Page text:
It’s supposed to be one of the happiest times in a woman’s life, but for some becoming a mum, even if it’s not for the first time, can be one of the most challenging, and sometimes frightening times of their life. It’s certainly a time of great change – physically and in terms of lifestyle too – but also mentally. Suddenly you have a new role to play, someone’s mum, with the expectations of your child, your partner and of yourself sky high. Whilst everyone coos over your sweet bundle of joy and tells you how happy and lucky you must feel, if you are a mother struggling with your mental health, inside you may not feel that way at all.
One in five mothers in the UK suffers from a mental health condition such as postnatal depression, anxiety or post traumatic stress disorder (PTSD) linked to childbirth. There are just 15 mother and baby mental health units or 115 beds in England, so many mothers do not have sufficient access to maternal mental health facilities and therefore do not receive the support they need. This lack of specialist support can sometimes have tragic consequences.
The medical profession takes great pains to look after the physical well-being of someone who is due to or has just given birth, but it is just as, if not more important, for them to look after the mental health of their patient too. Afterall, a mother who is not healthy mentally can affect not only their own life, but also that of their newborn, their partner, their other children and their wider family.
The most common of antenatal mental health condition, depression can be mild, moderate or severe and with or without psychotic symptoms. Symptoms include lethargy, apathy, inability to experience pleasure, disinterest, poor concentration, weepiness and sleep disturbance with early morning wakening. At its worse, depression can lead to suicidal intent, self-harming behaviour or alcohol or illegal drug misuse. Clearly the potential risk to the foetus is high in these cases and it is important that the symptoms are diagnosed early.
In bipolar disorder the patient suffers from mood swings between depressive episodes and hypomania which is recognised by rapid speech, insomnia, marked elation, ideas of grandeur and financial extravagance.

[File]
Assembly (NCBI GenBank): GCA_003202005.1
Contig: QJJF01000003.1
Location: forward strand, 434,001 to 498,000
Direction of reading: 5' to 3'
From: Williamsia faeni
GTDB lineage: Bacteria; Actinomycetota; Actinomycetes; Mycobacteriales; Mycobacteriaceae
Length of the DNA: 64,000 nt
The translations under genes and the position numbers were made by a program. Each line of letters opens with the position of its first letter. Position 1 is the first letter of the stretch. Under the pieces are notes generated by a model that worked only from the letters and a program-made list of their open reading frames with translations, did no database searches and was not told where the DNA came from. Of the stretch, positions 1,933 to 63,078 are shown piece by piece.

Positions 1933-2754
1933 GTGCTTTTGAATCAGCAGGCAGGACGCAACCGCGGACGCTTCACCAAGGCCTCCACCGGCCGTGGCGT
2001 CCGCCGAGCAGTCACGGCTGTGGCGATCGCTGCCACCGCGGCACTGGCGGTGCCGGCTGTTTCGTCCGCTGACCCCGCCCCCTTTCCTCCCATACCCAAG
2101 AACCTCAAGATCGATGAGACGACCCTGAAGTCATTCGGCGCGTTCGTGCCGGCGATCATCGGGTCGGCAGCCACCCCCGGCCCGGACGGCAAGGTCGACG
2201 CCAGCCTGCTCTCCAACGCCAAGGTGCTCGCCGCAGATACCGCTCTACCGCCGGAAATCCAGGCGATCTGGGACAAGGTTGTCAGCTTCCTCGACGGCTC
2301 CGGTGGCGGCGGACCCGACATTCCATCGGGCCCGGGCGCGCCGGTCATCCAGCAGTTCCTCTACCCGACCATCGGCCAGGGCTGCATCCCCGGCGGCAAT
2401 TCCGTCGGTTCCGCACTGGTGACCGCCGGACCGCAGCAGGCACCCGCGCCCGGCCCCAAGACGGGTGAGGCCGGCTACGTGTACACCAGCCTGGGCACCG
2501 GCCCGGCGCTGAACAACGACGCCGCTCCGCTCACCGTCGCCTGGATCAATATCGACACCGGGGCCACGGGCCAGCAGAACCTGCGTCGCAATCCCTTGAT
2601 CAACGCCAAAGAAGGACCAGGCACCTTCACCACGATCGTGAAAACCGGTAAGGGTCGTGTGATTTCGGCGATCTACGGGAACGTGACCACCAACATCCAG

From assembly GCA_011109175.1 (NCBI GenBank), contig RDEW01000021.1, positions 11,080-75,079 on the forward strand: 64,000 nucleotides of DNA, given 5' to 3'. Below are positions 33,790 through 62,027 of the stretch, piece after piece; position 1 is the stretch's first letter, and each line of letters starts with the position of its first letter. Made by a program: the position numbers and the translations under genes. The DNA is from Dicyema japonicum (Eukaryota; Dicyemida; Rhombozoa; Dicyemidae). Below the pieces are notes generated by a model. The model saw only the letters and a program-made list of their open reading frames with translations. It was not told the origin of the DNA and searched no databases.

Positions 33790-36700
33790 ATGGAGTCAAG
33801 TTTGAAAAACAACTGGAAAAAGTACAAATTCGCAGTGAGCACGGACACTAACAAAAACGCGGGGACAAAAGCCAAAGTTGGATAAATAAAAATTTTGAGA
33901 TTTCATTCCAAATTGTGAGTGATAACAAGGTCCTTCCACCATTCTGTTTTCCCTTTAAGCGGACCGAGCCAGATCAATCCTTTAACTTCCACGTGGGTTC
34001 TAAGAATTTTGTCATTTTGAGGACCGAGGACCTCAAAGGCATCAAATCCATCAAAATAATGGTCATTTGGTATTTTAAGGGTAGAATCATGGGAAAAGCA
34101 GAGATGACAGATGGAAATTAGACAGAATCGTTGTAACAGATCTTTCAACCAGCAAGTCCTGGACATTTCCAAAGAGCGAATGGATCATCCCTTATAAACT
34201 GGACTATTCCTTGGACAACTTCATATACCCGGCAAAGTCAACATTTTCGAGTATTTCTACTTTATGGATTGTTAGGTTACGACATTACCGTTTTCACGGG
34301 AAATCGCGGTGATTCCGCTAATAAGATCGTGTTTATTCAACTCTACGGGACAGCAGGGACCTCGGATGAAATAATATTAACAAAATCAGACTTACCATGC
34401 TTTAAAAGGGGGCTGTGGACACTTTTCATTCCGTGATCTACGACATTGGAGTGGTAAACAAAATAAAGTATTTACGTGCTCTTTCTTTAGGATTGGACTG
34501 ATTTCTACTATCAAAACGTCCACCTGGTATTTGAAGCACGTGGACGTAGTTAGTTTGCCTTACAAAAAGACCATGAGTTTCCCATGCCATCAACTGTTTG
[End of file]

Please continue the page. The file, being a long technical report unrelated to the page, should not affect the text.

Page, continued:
Symptoms of schizophrenia include delusions, auditory hallucinations, thought disorders and ideas of passivity (very controlled by some outside force or influence).
Specific postnatal illnesses include the postpartum blues which affect 50% of mothers, puerperal depression which affects 10% of mothers and less common, puerperal psychosis which affects 0.2% of mothers.
Puerperal or postnatal depression has the same symptoms as antenatal depression but with the additional risk, if suicidal, of infanticide. If mum is not adequately treated, the risk of depression following childbirth increases by tenfold and poor bonding to the baby becomes more likely.
Puerperal psychosis is a rare but serious illness which has the same symptoms as antenatal psychosis and often symptoms of schizo-affective disorder. The patient suffers from a loss of insight and usually needs inpatient treatment in a psychiatric unit. Emergency caesarean section can sometimes be a risk factor in a woman developing this illness.
Treatment for these illnesses can include the use of medications such as antidepressants, mood stabilisers, anti-psychotic drugs, beta-blockers and benzodiazepines. Of course, during pregnancy and breast feeding, the use of medication must be carefully considered and monitored, and in some cases stopped altogether in case the it harms the foetus or adversely affects a child who is being breastfed. In all cases, it is important to seek the advice and guidance of a GP or mental health professional before ceasing or reducing any prescribed medication.
To be safe, therapeutic treatments should be considered as an alternative to medication wherever possible. Supportive counselling, Cognitive Behavioural Therapy (CBT), relaxation therapy, anxiety management, mindfulness and psychodynamic psychotherapy can all be used effectively and without risk to the foetus or to a child who is being breastfed.
Consultant psychiatrists, Dr Adrian Winbow and Prof Tony Hale both have many years’ experience in helping expectant and new mothers who may be suffering from a mental health condition. If you or someone close to you is struggling with their mental health, please get in touch to make an appointment.